A landmark RCT conducted in early 2000s comparing cTACE, TAE and BSC was prematurely terminated because such was the superiority of cTACE over BSC that keeping enrolling patients resulted unethical[25]. Unfortunately, this prevented the possibility to verify the competitive efficacy of TAE and only a comparable trend in OS with respect to TACE could be observed[25]. Similarly, no difference in terms of survival rates and safety was reported in another important multicentric American RCT published this year[26]. However, positive results by adding doxorubicin to drug-eluting bead (DEB)-TACE over bland embolization has been recently found in a Greek trial[27] and in a retrospective Italian report assessing as primary endpoint the degree of necrosis in explanted livers during OLT[28].

To make even more complicated this matter, there is no univocal agreement on the optimal chemotherapy to use in TACE. Worldwide, the most commonly used agent is doxorubicin administered at a dose ranging from 30 to 75 mg/m2 (to a maximum of 150 mg)[3,5]. However, robust data provided by properly conducted RCTs are needed in order to deliver definitive indications in this regard.


Despite its well-proved efficacy and superiority over BSC, cTACE presents several unsolved issues. In fact, although lipiodol acts as a carrier of doxorubicin to the target nodules, release of the injected drug into systemic circulation has been demonstrated maybe due to the non-concomitant embolization, thus allowing release of a certain amount of doxorubicin in the interval time between injection and embolization[29]. Other important limitation of cTACE is the lack of standardization as the injected particles are prepared extemporaneously, therefore is operator-dependent (not standardized) and unstable[3,29].

The optimal procedure should be able to selectively deliver the injected chemotherapeutic into the target tumor where the drug should be retained with no passage into blood stream to avoid systemic toxicity[3].

In order to obviate to the aforementioned limitations of conventional TACE, non-absorbable embolic microspheres charged with cytotoxic agents (DEBs) have been developed.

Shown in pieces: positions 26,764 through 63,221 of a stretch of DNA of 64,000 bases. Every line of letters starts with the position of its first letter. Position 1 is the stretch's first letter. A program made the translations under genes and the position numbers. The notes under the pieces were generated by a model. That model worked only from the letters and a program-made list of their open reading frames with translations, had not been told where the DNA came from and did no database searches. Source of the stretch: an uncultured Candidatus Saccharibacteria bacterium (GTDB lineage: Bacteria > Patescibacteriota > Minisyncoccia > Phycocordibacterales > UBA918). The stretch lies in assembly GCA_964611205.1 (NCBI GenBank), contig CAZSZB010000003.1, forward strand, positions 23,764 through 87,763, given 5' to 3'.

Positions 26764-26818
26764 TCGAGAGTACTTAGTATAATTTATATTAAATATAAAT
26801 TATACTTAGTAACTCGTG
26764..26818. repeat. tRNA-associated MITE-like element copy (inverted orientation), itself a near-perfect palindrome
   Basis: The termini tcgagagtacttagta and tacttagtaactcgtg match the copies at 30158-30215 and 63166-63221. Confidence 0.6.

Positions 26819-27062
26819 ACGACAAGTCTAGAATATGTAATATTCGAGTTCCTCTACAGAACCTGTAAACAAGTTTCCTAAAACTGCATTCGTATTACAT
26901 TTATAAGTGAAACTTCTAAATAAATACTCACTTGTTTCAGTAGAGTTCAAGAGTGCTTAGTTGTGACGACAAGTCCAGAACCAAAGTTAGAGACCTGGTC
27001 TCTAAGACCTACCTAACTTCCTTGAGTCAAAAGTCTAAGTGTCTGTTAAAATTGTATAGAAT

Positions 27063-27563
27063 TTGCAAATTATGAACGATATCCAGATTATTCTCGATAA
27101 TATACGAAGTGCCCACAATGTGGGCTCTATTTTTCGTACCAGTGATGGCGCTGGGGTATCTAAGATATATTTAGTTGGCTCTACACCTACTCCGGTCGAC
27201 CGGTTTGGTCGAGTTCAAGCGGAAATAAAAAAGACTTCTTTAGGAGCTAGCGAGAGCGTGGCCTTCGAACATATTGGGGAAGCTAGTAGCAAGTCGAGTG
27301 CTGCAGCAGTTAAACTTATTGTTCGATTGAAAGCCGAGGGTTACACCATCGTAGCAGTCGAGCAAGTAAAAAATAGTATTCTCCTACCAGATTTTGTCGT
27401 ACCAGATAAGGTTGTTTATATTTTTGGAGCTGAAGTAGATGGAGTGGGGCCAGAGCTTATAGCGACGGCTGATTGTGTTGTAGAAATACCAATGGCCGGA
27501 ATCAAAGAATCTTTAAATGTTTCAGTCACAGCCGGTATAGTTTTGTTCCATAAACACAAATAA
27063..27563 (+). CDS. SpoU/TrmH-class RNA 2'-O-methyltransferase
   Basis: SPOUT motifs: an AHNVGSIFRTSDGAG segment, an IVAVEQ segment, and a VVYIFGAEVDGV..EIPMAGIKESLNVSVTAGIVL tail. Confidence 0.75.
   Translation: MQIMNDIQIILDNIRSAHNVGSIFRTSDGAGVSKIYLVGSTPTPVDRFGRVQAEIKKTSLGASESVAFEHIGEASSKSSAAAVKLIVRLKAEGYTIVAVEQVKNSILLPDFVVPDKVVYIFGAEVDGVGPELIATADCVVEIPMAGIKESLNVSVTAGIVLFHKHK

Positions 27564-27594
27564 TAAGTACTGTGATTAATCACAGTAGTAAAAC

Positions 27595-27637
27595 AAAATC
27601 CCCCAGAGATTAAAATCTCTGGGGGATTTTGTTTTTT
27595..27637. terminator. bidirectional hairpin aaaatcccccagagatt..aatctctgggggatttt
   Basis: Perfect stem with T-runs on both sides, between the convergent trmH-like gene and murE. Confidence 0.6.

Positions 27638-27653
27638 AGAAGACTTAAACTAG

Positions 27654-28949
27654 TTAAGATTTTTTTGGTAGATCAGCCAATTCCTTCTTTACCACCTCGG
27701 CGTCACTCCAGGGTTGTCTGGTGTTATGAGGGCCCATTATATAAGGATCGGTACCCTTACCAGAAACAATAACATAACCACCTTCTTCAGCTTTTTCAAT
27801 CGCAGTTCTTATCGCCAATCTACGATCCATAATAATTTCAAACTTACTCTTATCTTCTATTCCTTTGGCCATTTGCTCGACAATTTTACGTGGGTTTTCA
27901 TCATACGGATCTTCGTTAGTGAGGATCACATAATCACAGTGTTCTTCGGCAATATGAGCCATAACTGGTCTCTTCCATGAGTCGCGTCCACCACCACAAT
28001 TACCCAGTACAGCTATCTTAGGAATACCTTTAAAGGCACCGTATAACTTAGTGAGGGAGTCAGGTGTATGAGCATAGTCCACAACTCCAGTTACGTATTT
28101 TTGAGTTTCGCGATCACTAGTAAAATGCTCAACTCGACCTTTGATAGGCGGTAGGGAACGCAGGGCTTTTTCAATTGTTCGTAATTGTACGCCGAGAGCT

DEBs are composed of a hydrophilic, ionic polymer that can bind anthracyclines via an ion exchange mechanism. The drug is usually loaded into DEBs prior to the TACE procedure creating a solution at a pre-defined concentration and then merging it into a vial with a slurry of DC Bead from which the packing solution has been removed[30]. The drug takes from 30 min to 2 h (depending on bead size) to be loaded with small beads loading faster because of surface area effects. The maximum drug loading capacity is determined by the quantity of drug-binding sites in the beads, thus being the maximum dose dependent on drug molecular mass[30,31]. This is why a group of experts in the field has suggested in a recent review a dosage of 75 mg doxorubicin loaded into one vial of DC Bead for disease within the Milan criteria and up to 150 mg doxorubicin loaded into two vials of DC Bead in the case of Milan-out patients[5].

DEBs are able to simultaneously exert both the therapeutic components of TACE, either drug-carrier function and embolization, unlike cTACE in which applying the embolic agent is a second moment after drug injection. This way, risk of systemic drug release is minimal due to both high-affinity carrier activity of DEBs and absence of a time interval between injection and embolization.

An in vitro analysis showed that DEB spheres could be easily loaded with doxorubicin way better than other commercial embolic microspheres[32]. Furthermore, drug loading led to a decrease in the average size of the beads in function of the bead size and drug dose [32]. Interestingly, the same study calculated half-lives of drug-elution of 150 h for the 100-300-mc range to a maximum of 1730 h for the 700-900-mc size range while there was a fast release of the chemotherapeutic agent from the unstable Lipiodol emulsion with a half-life of approximately 1 h[32]. Authors then concluded that DEBs lead to an accurate dosage of drug per unit volume of beads and drug release is predictable and sustained, unlike Lipiodol. In addition to all of these advantages, beads are easy to handle and to deliver thus making them a valuable option for superselective TACE[32].

Plasma concentration of doxorubicin resulted very low (0.009-0.05 mmol/L at different consecutive time-points) after DEB-TACE in an in-animal study conducted in a rabbit model, suggesting considerable doxorubicin retention into the tumor[33]. This was significantly lower (70%-85% decrease in plasma concentration) than control animals treated with doxorubicin intra-arterially[33]. Of note, doxorubicin concentration into the nodule had a peak at 3 d (413.5 nmol/g), remaining high to 7 d (116.7 nmol/g) and then declining at 14 d (41.76 nmol/g), indicating continuous release of the drug from the microparticles[33]. As a consequence of this slower release of doxorubicin, maximal tumor necrosis was observed at 7 d, with limited local complications[33].

In vivo demonstration of the aforementioned strengths of DEBs has been provided by a French study conducted in 6 HCC patients who had undergone DEB-TACE before OLT[34]. Doxorubicin was detected on the explanted livers in an area of at least 1.2 mm in diameter around the occluded vessel. The tissue concentration of drug ranged from 5 μmol/L at 8 h to 0.65 μmol/L at 1 mo[34]. Necrotic tissue was characterized by a more profound penetration and a higher concentration of the drug than non necrotized areas. Authors concluded that DEBs provide a sustained delivery of drug for a period of 1 mo and local tissue concentrations above cytotoxic into the target nodules[34].